* “How SUVs conquered the world – at the expense of its climate.” A bit obvious but here it is. Relatedly, “Climate change may wreck economy unless we act soon, federal report warns: Fires and floods are expensive and disruptive and we’re not ready, report finds.” It’s almost as if we’ve been ignoring four decades of warnings.

* “Maigret’s room,” an excellent essay.

* Fire in the Sky, on UFOs, epistemology, belief, experts, and other topics.

* “Extreme heat is here, and it’s deadly.”

* “Can Italy Defeat Its Most Powerful Crime Syndicate?” The degree to which the Italian state and society is still enthralled to organized crime is depressing.

* UFOs and epistemology. But the “Where are they?” question remains: nothing we’ve come up with so far has shown us any evidence of non-natural phenomena in the universe, and we don’t seem to have found any alien radio signals.

Links: Elena Ferrante, bookshops, coffee, content and its lack, and more!

* Elena Ferrante’s master class in deceit? Good essay with a weak title.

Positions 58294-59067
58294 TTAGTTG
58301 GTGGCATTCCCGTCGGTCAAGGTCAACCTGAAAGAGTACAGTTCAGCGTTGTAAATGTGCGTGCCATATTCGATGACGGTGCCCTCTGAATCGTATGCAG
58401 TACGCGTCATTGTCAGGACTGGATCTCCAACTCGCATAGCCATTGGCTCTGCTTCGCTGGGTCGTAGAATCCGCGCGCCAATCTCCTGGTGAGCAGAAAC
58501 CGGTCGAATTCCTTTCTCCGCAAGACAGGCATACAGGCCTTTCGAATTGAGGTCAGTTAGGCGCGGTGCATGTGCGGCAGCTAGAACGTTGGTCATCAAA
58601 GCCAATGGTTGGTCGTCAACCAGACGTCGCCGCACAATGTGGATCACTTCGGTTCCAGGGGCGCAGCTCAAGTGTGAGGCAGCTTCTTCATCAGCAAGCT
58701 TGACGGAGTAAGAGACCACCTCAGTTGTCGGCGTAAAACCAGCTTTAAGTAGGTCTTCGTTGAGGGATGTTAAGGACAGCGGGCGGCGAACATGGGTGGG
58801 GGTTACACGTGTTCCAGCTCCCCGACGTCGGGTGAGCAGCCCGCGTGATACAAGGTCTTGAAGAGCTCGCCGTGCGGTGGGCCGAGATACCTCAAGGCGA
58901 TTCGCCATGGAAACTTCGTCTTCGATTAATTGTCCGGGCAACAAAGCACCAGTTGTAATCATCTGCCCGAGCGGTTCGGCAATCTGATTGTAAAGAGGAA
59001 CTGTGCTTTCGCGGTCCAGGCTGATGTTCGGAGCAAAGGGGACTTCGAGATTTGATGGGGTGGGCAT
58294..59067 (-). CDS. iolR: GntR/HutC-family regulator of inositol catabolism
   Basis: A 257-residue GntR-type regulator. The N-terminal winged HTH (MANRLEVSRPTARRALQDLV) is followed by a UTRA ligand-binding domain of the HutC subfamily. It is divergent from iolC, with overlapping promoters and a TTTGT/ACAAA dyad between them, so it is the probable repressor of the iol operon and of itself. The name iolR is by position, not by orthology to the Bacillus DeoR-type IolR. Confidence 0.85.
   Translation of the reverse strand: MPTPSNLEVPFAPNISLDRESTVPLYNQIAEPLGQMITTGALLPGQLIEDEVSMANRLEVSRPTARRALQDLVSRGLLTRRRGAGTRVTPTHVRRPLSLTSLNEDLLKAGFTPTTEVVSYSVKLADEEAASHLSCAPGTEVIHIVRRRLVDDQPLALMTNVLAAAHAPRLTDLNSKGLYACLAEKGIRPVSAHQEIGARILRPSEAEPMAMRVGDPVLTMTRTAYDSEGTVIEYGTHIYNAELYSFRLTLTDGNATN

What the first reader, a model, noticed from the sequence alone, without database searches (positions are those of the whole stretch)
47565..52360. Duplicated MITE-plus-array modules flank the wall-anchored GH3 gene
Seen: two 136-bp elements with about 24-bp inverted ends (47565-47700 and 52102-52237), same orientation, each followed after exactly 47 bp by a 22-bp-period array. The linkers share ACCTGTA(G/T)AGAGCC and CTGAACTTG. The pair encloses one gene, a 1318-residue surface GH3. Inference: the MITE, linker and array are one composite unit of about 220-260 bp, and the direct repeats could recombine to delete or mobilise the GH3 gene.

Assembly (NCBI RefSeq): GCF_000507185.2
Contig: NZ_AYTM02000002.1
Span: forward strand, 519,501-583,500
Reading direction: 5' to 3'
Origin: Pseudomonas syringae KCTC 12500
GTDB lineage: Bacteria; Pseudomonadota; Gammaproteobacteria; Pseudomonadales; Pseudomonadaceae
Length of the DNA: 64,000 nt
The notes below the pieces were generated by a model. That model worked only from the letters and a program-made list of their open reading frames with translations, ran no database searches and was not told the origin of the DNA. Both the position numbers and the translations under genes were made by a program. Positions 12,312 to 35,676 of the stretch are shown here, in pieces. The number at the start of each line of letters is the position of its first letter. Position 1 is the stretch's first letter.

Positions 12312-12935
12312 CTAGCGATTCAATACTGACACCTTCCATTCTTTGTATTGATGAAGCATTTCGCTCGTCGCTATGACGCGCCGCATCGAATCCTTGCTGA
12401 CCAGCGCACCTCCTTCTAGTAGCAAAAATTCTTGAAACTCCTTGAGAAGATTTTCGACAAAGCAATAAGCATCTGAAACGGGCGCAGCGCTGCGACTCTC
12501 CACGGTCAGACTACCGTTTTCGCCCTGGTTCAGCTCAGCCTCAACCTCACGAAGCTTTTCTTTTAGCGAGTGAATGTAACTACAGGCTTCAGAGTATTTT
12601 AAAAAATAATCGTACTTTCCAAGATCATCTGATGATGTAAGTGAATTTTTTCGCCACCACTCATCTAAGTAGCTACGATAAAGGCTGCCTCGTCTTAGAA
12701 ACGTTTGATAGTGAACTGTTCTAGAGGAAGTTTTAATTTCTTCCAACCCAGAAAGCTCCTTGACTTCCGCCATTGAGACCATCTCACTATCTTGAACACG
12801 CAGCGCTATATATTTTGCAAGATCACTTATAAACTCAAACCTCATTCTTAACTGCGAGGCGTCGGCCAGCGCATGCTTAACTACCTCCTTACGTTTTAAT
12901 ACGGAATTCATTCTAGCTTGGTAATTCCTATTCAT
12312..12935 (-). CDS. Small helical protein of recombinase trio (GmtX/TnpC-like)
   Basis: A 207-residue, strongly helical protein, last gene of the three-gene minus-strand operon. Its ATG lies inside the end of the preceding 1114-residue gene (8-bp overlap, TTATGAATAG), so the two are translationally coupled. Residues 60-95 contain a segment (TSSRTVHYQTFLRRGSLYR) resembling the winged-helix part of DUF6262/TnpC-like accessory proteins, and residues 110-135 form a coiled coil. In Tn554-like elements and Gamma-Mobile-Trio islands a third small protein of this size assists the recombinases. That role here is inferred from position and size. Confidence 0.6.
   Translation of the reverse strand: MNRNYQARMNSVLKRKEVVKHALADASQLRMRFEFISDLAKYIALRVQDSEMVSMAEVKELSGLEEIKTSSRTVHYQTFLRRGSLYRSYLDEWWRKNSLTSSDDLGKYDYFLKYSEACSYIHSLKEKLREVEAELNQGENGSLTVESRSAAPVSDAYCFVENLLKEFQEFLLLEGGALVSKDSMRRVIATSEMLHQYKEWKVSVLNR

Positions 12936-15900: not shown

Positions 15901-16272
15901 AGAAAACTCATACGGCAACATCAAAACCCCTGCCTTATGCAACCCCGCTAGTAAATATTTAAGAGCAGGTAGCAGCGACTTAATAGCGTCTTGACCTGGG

* The demise of the second-hand bookshop.

* How China’s fishing fleet is depleting the world’s oceans.

* “That time we almost built 8 gigawatt-class floating nuclear power plants.” In other words, we’ve had lots of opportunities to ameliorate climate change, but we’ve consistently turned our backs on the solutions. Also, “Nuclear Reactor Development History.” Detailed, impressive.

* How Nespresso’s coffee revolution got ground down.

* “How you attach to people may explain a lot about your inner life.”

* “Silicon Valley and Wall Street Elites Pour Money Into Psychedelic Research: Donors raise $30 million for psychedelic nonprofit to complete clinical trials around drug-assisted psychotherapy for trauma.”